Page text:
EVERYTHING MEMORY SCHOOL IS CURRENTLY CLOSED
We’re at full capacity! If you’d like to be added to the waiting list, enter your information, and you’ll be the first to know when we open more seats.
Why are we limiting seats?
We are working toward our dream of having the best school of memory in the world and that means we need to take baby steps, figuring out what works and what doesn’t in these first rounds of enrollment. By limiting the number of seats we make sure that each and every one of our students feel that they get as much time as they need to try the courses out, give us feedback and talk to our teachers.
Chris Broholm made an extensive list that seems awesome. I have not checked all of them out.
Here are some of the apps that many polyglots use in order to remember more!
To learn grammar structures and basic words:
To learn like we did in the 90’s:
To hear how a specific word sounds:
To talk to someone:
The Memory Code: The Secrets of Stonehenge, Easter Island and Other Ancient Monuments by Lynne Kelly. Praise: “It’s one of the most thought-provoking books I’ve ever read, and I think that it will be especially interesting to people who are interested in using memory techniques to store factual knowledge.” – Josh Cohen, founder of the biggest memory forum in history The Art of Memory.
Moonwalking with Einstein by Joshua Foer (full length-review here). This is the mothership, why a lot of younger memory athletes started, including me. Written in such a fantastic way about incredible circumstances, dispelling myths about geniuses and memory training. So incredible that he had an advance on the book for 1.2 million dollars. The book is that good. Maybe not the best book for memory training, but it’s probably the most entertaining one that I’ve read. “The perfect combination between an interesting subject (memory) and glimpses into this interesting sport (memory sport)” as one of my best friends said. Click here to buy Moonwalking with Einstein: The Art and Science of Remembering Everything.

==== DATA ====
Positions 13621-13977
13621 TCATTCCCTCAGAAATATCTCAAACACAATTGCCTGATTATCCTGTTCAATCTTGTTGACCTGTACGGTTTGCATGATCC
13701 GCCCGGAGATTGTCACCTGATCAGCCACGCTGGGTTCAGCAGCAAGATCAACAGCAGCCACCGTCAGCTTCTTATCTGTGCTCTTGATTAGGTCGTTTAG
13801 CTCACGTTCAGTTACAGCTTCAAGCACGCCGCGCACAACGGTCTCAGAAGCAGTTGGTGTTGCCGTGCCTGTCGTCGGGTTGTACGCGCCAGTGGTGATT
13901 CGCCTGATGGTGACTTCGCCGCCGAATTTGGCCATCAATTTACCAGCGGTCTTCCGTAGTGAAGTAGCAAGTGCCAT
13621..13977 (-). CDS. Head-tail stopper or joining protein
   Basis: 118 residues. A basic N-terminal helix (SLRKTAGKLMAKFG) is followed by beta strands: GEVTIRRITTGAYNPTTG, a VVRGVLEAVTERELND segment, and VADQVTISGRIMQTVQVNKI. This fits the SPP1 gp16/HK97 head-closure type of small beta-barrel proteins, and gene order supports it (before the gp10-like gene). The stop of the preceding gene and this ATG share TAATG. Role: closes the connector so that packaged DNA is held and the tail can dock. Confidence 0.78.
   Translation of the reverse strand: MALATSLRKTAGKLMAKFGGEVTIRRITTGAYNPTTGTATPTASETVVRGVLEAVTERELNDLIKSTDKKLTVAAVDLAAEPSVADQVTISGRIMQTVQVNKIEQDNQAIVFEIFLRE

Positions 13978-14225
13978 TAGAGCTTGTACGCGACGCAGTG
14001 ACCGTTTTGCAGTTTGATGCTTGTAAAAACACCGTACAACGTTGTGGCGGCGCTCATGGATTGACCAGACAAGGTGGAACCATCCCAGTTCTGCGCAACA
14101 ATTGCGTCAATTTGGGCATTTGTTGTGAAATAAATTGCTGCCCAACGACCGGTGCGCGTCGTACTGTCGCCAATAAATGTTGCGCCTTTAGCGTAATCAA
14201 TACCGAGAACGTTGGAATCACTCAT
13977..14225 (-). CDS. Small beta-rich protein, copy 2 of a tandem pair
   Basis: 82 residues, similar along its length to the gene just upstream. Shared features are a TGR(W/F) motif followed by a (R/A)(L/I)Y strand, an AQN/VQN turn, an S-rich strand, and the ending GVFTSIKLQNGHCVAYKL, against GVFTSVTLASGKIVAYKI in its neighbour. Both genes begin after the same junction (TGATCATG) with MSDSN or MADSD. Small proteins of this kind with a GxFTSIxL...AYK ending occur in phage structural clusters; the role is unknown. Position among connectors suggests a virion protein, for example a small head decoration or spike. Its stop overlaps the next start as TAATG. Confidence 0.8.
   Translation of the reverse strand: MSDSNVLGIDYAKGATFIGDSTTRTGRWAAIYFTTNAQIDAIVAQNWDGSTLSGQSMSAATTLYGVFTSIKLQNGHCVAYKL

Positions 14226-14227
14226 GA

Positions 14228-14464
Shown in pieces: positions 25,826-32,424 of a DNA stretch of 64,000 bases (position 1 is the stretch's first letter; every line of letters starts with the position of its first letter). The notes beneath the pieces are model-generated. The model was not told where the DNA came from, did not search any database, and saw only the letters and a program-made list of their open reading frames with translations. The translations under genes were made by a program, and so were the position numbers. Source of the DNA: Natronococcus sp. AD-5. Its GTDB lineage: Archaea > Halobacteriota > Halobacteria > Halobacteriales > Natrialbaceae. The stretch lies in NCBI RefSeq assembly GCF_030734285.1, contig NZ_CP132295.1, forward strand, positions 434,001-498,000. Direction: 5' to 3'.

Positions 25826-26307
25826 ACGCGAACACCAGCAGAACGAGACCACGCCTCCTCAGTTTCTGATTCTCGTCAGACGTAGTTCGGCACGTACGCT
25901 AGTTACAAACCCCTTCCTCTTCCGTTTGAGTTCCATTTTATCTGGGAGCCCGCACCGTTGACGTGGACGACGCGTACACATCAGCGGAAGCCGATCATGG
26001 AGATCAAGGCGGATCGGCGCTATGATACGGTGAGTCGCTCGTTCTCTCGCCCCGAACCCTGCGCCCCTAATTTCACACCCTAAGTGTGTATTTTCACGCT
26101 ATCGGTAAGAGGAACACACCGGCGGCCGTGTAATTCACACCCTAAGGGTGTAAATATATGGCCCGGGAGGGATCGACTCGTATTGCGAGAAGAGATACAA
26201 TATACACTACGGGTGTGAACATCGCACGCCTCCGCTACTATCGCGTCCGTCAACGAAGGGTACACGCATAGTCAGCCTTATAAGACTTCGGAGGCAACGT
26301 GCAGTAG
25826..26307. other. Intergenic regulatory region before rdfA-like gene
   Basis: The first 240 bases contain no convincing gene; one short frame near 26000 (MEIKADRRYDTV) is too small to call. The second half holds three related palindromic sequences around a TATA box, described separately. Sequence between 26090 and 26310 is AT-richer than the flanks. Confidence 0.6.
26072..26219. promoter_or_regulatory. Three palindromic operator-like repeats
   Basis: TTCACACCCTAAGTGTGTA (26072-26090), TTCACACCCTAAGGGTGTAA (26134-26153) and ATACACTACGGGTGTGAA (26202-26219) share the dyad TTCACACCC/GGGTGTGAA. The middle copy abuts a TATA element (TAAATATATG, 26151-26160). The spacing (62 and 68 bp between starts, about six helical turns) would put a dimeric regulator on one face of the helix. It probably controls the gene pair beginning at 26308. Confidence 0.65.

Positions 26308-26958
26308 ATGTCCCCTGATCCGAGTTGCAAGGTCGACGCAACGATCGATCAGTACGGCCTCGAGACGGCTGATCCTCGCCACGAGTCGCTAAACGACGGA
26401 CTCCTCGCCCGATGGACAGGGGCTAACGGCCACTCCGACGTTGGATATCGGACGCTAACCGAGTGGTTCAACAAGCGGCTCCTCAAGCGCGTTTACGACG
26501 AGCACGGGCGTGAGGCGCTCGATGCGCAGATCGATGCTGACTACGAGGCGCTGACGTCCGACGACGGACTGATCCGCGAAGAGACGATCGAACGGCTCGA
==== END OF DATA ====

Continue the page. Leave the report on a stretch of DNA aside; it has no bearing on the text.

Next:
Alles nur in meinem Kopf Die Geheimnisse unseres Gehirns by neuroscientist Boris Nikolai Konrad. A book about how memory works. I have not gotten a hold of a copy yet (being in Beijing has its disadvantages), but for those of you who are in Germany – buy it! Yes, I’m recommending something I haven’t read yet because herr Konrad is just that good. When he was writing it, he drew parallels to the mega-bestseller Darme mit Charme by Julia Enders and explained at length how beautiful and fun the book would be for the casual reader interested in the most interesting organ and the most interesting process we go through all the time – memory! Also, Superhirn by Boris Nikolai Konrad is more of an autobiographical book about his experiences in competitive memory and an introduction to basic memory techniques.
I forgot something (but I can’t remember what it was) written and drawn by Nelson Dellis. Maybe the first book that suits kids younger than five years old for memory techniques. Friends with kids who’ve read the book for the kids say the techniques stick and are explained in a very fun and easy to understand way. It’s also pretty!
There are of course, way more books, but for now this is a good intro to memory stuff.
Names & faces
I don’t have a pre-made list, I’ve been called very “naturally gifted” when it comes to remembering names and faces, both in competition and real life (although I must admit I have a harder time with Caucasian and East-Asian elderly men for some reason, especially if they’re wearing business suits). I don’t have a lot of advice to give as I have not trained Names & Faces enough to give adequate advice. But I can tell you that
Once upon a time there was a girl who was asked a lot about memory sports. So she compiled a super ultra mega hyper exhaustive all-inclusive list of all the links she knew. The end. Hopefully.
For memory sports